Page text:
Germany's blue-chip companies have been asked to explain why they've managed to hire fewer than 100 refugees, despite around a million arriving in the country last year. As Ivor Bennett reports, it could be a big problem for Angela Merkel and the German economy.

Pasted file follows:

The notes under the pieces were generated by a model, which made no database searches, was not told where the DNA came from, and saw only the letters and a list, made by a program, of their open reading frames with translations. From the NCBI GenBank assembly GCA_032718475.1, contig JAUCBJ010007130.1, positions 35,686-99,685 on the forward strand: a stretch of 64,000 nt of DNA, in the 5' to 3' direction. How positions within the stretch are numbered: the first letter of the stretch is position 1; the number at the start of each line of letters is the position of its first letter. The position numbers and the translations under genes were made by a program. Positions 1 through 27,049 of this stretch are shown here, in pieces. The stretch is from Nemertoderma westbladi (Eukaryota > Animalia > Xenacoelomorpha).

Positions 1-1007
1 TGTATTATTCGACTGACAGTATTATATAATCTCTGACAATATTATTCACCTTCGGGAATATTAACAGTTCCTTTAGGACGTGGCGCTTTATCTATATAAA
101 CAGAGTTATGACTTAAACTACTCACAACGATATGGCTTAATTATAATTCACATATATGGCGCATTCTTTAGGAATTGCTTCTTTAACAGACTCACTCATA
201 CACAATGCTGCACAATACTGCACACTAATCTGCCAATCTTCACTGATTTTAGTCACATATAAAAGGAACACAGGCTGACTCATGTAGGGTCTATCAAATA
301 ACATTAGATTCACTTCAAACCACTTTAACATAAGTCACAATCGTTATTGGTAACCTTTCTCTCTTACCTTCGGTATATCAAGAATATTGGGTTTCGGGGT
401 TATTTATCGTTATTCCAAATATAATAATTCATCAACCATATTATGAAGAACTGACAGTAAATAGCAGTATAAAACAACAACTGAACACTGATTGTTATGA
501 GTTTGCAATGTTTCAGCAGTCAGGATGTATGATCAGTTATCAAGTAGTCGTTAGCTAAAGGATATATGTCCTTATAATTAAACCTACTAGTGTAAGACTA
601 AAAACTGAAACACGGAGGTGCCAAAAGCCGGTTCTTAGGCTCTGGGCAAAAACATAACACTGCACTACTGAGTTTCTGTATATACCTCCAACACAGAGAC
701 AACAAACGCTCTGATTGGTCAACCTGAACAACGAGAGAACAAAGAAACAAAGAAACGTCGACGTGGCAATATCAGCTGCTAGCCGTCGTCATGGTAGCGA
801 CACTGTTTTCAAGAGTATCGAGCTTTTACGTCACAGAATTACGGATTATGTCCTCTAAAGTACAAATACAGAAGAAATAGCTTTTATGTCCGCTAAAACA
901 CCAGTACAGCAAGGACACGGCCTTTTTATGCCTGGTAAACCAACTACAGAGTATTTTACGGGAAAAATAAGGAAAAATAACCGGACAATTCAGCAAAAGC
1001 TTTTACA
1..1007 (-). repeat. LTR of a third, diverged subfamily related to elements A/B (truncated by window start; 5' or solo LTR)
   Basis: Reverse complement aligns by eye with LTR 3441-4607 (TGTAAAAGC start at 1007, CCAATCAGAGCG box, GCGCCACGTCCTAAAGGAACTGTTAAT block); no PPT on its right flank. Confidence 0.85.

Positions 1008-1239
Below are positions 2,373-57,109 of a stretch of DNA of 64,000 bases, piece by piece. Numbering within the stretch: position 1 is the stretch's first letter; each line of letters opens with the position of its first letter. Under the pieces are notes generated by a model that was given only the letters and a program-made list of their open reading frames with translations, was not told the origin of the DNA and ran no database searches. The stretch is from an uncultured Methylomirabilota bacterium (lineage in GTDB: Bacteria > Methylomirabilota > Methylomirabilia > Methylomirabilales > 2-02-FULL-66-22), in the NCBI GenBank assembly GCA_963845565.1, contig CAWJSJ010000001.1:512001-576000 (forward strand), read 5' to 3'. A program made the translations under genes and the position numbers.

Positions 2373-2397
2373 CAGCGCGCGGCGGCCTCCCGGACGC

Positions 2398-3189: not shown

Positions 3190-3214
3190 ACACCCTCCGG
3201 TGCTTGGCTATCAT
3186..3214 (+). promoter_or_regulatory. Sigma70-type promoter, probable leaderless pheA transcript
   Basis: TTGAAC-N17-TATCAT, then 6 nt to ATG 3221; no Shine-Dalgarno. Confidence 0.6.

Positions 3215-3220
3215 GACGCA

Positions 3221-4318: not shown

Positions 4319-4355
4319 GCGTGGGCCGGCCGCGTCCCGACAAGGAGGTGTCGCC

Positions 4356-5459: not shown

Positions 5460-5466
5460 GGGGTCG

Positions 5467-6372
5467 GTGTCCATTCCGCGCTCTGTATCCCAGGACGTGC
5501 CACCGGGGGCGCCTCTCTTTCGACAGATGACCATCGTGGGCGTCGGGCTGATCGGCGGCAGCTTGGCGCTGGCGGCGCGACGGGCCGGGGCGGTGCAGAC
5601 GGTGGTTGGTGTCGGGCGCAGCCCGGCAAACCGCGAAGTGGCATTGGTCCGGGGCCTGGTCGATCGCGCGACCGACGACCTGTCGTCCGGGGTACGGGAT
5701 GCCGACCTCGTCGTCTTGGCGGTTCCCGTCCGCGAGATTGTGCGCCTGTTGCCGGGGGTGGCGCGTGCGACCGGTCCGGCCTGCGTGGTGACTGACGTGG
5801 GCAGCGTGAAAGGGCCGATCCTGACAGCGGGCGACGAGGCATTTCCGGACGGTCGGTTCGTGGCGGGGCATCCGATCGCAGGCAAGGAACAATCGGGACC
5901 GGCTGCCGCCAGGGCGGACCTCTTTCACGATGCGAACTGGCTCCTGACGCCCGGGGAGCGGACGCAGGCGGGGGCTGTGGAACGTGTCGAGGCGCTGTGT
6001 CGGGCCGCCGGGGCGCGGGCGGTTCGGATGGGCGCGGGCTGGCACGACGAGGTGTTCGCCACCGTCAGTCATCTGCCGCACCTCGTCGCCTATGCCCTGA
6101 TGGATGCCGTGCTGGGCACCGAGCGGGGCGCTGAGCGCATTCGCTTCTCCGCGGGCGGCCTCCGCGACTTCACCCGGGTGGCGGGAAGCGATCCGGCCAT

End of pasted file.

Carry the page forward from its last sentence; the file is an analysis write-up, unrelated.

Many migrants no doubt felt relief when they arrived in Germany. But the Chancellor's open-door policy doesn't seem to have lived up to its promises. Angela Merkel said they'd boost the economy and help solve the problem of an ageing population. But less than 100 of the one million who arrived last year have found jobs with Germany's blue-chip companies. Merkel wants to know why and summoned bosses to Berlin to account for the lack of action. They blame poor language skills and the inability of most refugees to prove their qualifications. Then there's the uncertainty over whether the migrants will be allowed to stay. (SOUNDBITE) (English) MICHAEL HEWSON, MARKET ANALYST, CMC MARKETS, SAYING: "Germany has one of the lowest birth rates in the world at the moment. And ultimately if it's going to continue to grow at its current rate, particularly with an ageing population, it will need those migrants." Deutsche Post has hired 50 refugees, according to a Reuters survey. But 29 other firms in Germany's Dax could only point to 13 hires in total. In their defence, 26 of the companies said they may have hired more. But they didn't know because it's considered discriminatory to ask about an applicants' migration history. What is clear, is that early optimism that migrants could boost economic growth and help ease a skills shortage is evaporating. And that's a problem for a country where the working-age population is expected to shrink to 6 million by 2030.